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Contents © 2017 Golan Levin and Collaborators

Golan Levin and Collaborators

Interviews and Dialogues




Interview by Carlo Zanni for MicheleThursz.com

Golan Levin, March 2003.


What kind of media do you use for your work?

I generally develop my artwork by writing code in a language like C++ or Java. Occasionally I use Lingo and Perl. I use the software I write to gather input from some kind of sensing medium, like a mouse or camera, as well as to control of some kind of display medium, like a video projector, sound system, etc. Increasingly I am using these languages to control more sculptural elements, like motors.


Could you please write the tech specs of each technology? (Java, C...)

Java and C are nearly identical languages. In fact, Actionscript (the language used in Flash animations on the Web) is also nearly the same as these. There are some fundamental things which every computer language needs to be able to do, like iteration and conditional testing, and so that is why these languages are all so similar. So the differences chiefly amount to small divergences of syntax. To people's perception, however, these languages seem very different, not because of the languages themselves but because of how they are typically used. The companies which make these languages have made it easy to use Flash on the Web, or C in embedded systems. But it could easily have been the other way around.


Could you please tell us why you chose to use that particular language or software for that particular work?

The language I choose to use under given circumstances is a purely pragmatic question, whose answer ultimately comes down to extremely dull details of efficiency tradeoffs. People say things like "It's easier to make things quickly in Java, because the syntax is simpler," or "C is better for making things robust and fast, because you can control all of the memory allocation," or "Lingo may be a dopey language, but it provides powerful kinds of connectivity to many other kinds of systems," etcetera. I think it depends on the circumstances of the project. I usually don't prefer to discuss the tools I use, since I think it gives people the wrong idea about the substance of a given project. The people who like to argue in the so-called "Language Wars" are very tiresome.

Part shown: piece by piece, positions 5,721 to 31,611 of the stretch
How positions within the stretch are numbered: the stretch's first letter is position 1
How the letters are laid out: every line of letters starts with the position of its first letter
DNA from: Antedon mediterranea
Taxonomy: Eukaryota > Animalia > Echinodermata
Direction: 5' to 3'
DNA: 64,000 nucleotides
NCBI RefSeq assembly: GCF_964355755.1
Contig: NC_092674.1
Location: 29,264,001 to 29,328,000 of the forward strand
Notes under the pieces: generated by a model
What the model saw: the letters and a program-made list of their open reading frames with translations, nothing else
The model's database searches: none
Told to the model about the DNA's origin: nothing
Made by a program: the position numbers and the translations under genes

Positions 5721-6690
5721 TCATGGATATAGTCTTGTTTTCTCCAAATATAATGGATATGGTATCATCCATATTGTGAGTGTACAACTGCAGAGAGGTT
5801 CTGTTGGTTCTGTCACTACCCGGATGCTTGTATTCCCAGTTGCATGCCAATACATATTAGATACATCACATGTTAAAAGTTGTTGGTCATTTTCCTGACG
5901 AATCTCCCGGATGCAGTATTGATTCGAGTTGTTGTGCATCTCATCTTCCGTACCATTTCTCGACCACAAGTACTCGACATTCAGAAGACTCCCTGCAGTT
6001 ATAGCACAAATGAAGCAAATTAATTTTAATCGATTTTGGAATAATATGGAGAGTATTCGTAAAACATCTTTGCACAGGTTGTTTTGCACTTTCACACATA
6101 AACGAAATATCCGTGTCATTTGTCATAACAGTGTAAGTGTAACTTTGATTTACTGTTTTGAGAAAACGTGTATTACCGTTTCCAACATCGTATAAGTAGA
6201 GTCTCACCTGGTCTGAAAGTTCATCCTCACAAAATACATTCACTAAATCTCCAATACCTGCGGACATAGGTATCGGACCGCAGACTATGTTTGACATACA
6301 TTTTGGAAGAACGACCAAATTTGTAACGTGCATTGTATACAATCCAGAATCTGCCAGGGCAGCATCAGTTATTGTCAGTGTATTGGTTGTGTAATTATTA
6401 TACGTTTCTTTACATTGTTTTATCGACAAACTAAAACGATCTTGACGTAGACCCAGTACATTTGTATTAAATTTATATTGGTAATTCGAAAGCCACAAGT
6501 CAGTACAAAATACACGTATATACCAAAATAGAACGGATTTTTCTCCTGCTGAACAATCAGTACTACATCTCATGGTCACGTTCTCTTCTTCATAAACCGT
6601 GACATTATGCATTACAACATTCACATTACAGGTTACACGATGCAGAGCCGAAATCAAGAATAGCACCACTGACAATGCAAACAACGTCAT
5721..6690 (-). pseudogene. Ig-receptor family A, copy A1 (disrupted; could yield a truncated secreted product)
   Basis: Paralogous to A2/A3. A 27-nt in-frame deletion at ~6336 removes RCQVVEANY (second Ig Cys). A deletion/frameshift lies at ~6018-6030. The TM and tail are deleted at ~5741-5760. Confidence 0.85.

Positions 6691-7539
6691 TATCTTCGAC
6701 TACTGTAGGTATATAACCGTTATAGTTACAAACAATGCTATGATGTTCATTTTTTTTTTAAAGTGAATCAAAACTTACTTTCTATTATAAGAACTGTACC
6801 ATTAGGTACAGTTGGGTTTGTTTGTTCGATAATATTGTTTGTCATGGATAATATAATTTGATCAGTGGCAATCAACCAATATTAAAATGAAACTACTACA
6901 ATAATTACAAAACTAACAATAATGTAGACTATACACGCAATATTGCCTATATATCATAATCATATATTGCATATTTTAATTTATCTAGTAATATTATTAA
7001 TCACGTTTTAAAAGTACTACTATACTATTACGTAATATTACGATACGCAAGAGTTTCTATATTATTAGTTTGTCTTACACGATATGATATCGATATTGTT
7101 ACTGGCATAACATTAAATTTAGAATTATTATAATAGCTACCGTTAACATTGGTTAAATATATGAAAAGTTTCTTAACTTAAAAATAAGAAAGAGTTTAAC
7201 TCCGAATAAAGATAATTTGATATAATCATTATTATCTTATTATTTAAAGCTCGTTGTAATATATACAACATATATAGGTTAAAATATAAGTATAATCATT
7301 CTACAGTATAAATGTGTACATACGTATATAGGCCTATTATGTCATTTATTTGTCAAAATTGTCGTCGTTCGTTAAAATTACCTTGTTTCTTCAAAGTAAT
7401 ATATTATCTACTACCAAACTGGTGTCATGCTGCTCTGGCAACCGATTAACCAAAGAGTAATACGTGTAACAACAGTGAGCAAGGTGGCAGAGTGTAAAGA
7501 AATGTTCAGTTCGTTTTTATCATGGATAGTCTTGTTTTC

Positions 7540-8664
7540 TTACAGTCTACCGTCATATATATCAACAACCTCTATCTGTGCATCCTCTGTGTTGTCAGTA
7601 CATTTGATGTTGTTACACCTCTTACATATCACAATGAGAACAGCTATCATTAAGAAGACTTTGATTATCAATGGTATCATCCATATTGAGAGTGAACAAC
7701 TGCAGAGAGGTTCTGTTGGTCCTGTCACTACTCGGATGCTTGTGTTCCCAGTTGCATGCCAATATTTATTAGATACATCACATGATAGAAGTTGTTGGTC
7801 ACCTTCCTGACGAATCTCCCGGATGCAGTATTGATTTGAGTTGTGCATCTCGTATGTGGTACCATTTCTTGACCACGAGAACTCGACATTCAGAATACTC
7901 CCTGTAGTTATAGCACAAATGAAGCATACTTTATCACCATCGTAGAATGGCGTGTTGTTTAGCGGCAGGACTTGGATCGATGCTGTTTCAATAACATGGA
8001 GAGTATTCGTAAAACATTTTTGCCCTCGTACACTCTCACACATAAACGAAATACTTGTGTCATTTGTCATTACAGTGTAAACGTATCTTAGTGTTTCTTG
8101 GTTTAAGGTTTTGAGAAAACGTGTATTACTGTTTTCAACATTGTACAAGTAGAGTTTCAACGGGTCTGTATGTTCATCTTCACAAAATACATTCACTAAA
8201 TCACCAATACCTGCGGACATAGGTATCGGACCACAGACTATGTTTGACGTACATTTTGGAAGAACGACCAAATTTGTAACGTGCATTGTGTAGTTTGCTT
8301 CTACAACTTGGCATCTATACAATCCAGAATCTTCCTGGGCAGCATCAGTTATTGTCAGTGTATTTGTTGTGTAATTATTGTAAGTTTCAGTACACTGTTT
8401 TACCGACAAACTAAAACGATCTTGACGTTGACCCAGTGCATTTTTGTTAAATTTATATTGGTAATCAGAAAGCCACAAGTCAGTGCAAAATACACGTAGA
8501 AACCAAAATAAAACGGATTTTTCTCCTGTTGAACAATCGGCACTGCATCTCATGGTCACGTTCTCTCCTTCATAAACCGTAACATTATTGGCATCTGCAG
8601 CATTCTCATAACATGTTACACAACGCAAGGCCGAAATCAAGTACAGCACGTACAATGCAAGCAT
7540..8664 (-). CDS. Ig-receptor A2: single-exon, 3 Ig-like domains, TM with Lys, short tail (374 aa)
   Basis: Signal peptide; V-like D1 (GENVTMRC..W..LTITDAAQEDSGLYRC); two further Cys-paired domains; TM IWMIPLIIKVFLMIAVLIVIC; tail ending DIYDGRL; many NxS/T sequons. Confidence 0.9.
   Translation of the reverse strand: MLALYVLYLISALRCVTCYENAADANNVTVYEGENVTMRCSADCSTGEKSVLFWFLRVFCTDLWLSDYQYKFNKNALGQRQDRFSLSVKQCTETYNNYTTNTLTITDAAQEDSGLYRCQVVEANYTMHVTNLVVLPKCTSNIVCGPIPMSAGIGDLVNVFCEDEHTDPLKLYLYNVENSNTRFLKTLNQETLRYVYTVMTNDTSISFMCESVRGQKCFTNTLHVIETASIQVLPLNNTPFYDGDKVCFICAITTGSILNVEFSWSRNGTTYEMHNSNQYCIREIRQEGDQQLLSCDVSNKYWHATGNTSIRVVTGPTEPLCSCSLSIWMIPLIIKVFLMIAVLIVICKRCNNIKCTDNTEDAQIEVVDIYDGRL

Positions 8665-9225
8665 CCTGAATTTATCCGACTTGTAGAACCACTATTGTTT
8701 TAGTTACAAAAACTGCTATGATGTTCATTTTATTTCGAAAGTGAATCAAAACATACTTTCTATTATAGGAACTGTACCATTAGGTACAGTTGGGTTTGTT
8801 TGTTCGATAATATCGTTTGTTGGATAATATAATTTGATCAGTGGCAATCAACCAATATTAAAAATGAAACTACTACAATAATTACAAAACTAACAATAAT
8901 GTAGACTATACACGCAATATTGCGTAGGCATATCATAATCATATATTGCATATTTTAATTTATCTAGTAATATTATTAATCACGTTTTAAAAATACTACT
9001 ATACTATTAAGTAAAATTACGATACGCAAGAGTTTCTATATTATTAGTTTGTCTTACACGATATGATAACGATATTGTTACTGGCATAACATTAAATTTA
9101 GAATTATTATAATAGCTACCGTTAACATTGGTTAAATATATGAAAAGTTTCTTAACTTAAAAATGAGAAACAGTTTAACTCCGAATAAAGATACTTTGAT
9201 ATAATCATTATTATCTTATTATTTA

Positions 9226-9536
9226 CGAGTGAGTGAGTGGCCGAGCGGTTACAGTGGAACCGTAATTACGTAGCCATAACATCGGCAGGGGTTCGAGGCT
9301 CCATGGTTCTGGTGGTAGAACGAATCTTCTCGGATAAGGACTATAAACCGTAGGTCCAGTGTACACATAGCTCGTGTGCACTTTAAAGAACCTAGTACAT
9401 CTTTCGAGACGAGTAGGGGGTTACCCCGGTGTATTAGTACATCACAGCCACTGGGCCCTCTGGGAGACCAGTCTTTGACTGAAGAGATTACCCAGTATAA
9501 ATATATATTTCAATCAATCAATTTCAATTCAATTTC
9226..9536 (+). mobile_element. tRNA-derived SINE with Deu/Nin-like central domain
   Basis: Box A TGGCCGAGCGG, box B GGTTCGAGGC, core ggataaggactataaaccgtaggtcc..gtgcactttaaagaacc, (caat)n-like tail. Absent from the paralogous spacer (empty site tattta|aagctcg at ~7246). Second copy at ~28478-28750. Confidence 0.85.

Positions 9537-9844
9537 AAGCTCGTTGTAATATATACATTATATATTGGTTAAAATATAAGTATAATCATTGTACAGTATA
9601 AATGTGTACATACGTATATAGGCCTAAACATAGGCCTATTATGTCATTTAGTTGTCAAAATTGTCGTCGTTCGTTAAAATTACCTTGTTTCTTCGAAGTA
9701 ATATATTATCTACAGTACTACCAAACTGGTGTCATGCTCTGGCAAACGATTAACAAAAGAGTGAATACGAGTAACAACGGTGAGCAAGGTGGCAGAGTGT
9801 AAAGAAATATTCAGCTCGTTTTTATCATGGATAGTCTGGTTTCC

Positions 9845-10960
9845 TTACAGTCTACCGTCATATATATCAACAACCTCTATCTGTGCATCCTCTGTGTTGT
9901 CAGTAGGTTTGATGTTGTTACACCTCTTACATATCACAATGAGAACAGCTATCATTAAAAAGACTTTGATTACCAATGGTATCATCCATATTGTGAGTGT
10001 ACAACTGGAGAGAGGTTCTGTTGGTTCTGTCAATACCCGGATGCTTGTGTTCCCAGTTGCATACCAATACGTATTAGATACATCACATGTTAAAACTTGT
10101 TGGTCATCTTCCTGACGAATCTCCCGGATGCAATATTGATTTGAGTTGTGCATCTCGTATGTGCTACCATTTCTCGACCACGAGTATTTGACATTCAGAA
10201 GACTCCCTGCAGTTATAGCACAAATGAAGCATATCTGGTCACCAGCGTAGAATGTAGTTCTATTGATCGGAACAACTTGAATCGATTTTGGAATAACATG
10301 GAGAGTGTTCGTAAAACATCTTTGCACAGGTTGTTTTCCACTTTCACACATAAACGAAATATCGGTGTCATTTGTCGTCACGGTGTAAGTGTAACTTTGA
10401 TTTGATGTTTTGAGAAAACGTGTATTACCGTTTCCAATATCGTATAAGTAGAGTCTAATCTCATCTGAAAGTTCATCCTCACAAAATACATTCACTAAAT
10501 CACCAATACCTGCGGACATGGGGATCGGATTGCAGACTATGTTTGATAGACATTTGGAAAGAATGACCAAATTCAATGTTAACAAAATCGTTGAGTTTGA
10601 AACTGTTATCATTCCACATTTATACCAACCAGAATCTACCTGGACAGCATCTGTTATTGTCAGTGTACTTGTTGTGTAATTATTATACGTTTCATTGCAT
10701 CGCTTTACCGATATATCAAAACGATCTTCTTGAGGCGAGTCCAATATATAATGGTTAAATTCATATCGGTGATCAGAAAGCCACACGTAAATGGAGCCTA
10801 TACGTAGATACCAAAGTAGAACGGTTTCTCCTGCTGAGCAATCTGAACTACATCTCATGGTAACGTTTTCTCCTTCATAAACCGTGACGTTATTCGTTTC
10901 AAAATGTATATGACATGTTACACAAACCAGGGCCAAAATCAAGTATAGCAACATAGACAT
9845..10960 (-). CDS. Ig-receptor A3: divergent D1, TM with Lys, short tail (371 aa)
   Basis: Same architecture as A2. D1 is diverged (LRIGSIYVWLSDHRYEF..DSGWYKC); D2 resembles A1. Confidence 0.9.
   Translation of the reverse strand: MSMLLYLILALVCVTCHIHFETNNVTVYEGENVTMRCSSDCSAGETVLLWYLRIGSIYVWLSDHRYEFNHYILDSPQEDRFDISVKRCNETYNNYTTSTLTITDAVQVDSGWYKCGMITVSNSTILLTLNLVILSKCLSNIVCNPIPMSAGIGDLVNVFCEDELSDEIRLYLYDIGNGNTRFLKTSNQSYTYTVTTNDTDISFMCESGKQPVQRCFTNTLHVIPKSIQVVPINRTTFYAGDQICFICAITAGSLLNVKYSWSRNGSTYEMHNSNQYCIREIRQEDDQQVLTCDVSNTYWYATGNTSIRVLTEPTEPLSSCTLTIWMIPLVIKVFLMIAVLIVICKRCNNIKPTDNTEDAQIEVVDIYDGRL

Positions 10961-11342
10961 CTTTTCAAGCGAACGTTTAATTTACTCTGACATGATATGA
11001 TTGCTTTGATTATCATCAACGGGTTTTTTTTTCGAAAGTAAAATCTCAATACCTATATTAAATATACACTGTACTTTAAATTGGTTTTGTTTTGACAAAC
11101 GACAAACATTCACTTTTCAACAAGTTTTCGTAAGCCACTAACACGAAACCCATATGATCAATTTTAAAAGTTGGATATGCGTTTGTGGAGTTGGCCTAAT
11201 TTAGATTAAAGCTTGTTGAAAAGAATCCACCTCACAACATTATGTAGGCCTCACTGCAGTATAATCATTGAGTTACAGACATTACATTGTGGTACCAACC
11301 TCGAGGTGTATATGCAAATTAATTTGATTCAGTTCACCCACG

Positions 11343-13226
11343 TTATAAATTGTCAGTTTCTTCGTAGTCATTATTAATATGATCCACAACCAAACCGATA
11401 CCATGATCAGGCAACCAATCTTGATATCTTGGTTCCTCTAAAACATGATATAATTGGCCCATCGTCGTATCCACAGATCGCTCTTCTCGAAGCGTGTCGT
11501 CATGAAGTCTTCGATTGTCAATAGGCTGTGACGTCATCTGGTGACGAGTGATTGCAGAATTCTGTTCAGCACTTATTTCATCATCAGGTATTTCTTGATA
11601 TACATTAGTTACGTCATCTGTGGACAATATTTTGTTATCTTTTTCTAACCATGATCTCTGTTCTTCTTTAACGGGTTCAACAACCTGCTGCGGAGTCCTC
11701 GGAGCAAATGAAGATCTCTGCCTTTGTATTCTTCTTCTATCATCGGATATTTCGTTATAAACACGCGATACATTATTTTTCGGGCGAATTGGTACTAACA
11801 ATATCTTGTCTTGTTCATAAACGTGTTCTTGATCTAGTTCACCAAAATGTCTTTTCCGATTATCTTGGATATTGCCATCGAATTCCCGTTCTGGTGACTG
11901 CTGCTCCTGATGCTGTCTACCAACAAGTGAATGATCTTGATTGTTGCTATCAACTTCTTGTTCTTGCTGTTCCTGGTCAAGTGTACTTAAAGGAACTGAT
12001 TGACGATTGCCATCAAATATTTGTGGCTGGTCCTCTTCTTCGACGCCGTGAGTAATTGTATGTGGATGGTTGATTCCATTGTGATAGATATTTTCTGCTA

In practice, sometimes there is a toolkit for controlling something I'm interested in, like graphics or sound, and then I'll choose the language that works with the toolkit. I used Lingo for my piece "JJ" because Mark Daggett was kind enough to share his Lingo Carnivore interface, so he saved me some effort. But I could have made the piece in any number of languages, and I don't think that the piece would have come out much differently. More importantly, I don't think that knowing that the project was made in Lingo versus Java is very helpful information... it certainly does not describe what the project is about.


Are some languages better than others for specific works? (i mean: java is better for ....... while C is better for ..... and html for....) ?

I think the answer is no. But it is easier to run some executables than others.


Do you think it is possible to understand your work without any kind of computer schooling?

I hope so. But understanding my work is different from understanding how I programmed it. Sometimes I look at code that I wrote a year ago, and I myself don't understand it anymore.